Speaking of targeting, there are two things to worry about when trying to blow someone out of the sky – range and aim. Primary weapons (generally laser cannons of some variety) are fired by pressing the left mouse button. Range of the weapon will vary based on the weapon type and any upgrades that have been applied. When an enemy is out of range, the targeting reticule will remain gray. Once they are within range, the reticule will turn red, and it’s time to blast away!
Getting in range is one thing, but actually hitting your target it another. They likely won’t be sitting still for you, and the way targeting works is that you need to aim your cursor and their “lead indicator” and fire. The lead indicator will be a smaller red circle that basically predicts the location of the enemy by the time your blasts get there, so it won’t generally be right on top of the enemy ship. The direction and distance of the lead indicator as related to your actual target will depend on its movement. It takes a little getting used to trying to aim in front of the target rather than actually directly at it, but it does become natural fairly quickly. When you hit the target, the familiar damage fly text will appear showing how much you’ve hit them far.
Secondary weapons vary from ship to ship, but the common “missile lock” mechanic is available as an option. This works about as you would expect, similar to the on rails PvE space game – keep the target within your reticule, press and hold the right mouse button while the missile “locks” on, and release the button. When on defense, there are audio clues as to when you’re being missile locked yourself, giving you a chance to take evasive actions.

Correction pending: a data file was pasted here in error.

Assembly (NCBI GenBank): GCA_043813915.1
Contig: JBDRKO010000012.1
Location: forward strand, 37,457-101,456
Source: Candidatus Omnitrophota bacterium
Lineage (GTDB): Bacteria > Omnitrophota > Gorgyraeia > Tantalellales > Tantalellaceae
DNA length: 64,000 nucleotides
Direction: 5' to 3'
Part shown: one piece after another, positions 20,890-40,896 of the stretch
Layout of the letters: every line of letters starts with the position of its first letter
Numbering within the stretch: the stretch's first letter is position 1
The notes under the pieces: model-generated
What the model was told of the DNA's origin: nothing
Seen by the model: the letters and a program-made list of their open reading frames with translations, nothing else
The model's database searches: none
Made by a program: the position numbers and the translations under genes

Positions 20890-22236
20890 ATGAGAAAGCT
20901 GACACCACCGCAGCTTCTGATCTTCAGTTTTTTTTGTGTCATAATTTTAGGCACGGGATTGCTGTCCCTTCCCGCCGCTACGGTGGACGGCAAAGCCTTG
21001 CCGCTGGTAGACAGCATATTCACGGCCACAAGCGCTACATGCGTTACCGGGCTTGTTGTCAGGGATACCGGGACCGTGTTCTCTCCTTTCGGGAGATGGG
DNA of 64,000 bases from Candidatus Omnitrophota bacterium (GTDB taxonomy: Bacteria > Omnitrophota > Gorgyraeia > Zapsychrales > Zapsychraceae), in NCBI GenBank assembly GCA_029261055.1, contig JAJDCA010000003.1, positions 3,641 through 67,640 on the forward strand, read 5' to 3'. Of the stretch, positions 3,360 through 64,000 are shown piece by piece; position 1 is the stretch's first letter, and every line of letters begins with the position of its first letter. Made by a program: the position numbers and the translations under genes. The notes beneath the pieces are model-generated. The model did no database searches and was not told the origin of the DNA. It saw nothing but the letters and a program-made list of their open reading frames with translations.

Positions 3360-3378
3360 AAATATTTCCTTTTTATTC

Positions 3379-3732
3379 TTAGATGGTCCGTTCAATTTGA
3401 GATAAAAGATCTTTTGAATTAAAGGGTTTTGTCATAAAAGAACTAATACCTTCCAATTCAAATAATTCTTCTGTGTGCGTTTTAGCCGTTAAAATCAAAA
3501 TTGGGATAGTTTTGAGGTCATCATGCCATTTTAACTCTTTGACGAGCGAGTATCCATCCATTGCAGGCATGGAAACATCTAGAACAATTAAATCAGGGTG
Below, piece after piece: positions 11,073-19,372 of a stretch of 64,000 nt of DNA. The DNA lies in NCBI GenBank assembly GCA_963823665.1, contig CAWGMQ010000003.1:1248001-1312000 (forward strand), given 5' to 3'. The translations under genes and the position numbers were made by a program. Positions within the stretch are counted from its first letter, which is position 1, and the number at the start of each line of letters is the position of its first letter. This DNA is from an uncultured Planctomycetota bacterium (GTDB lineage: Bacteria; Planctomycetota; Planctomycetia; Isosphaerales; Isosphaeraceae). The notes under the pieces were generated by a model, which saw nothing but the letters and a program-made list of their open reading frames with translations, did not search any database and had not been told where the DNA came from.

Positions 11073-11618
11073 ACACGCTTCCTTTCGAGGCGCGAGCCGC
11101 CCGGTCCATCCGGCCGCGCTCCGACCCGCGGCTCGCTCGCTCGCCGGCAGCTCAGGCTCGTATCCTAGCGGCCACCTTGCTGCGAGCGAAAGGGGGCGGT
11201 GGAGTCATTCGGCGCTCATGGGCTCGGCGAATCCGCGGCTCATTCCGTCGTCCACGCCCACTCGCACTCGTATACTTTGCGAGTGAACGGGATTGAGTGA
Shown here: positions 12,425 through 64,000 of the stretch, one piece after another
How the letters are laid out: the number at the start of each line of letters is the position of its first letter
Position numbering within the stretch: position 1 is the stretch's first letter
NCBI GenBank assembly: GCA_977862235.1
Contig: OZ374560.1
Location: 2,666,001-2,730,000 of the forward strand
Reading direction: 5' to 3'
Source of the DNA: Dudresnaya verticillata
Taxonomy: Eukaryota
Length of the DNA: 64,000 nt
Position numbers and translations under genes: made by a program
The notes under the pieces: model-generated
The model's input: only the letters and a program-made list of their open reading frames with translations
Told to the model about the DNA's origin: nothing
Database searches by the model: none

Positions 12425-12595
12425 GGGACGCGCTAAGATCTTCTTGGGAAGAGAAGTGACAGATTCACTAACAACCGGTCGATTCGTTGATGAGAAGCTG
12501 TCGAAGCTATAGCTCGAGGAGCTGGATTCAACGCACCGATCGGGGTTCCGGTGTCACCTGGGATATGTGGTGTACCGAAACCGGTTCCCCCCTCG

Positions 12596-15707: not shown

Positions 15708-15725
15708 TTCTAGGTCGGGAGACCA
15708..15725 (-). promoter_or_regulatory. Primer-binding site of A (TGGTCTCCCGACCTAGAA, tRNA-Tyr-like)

Speaking of which, that’s a good lead in to talk about special abilities. These abilities include things like defensive moves (some of which will automatically shake missile lock), offensive abilities, and even an occasional group buff for friendly ships in your area. It will become important to become well acquainted with these abilities, what they do, what their cooldowns are, and when best to use them. Perfect timing of ability usage can often be the difference between life and death.
Overall, Galactic Starfighter is a new and exciting chapter to the SWTOR experience, and feels almost exactly like you would hope a free flight space combat game to feel. The action is fast-paced and non-stop. The options for changing your ship’s loadout gives players a chance to truly customize it to fit their preferred style of play. I’m surely looking forward to getting my hands on this once it goes live and taking my SWTOR heroics to space and beyond!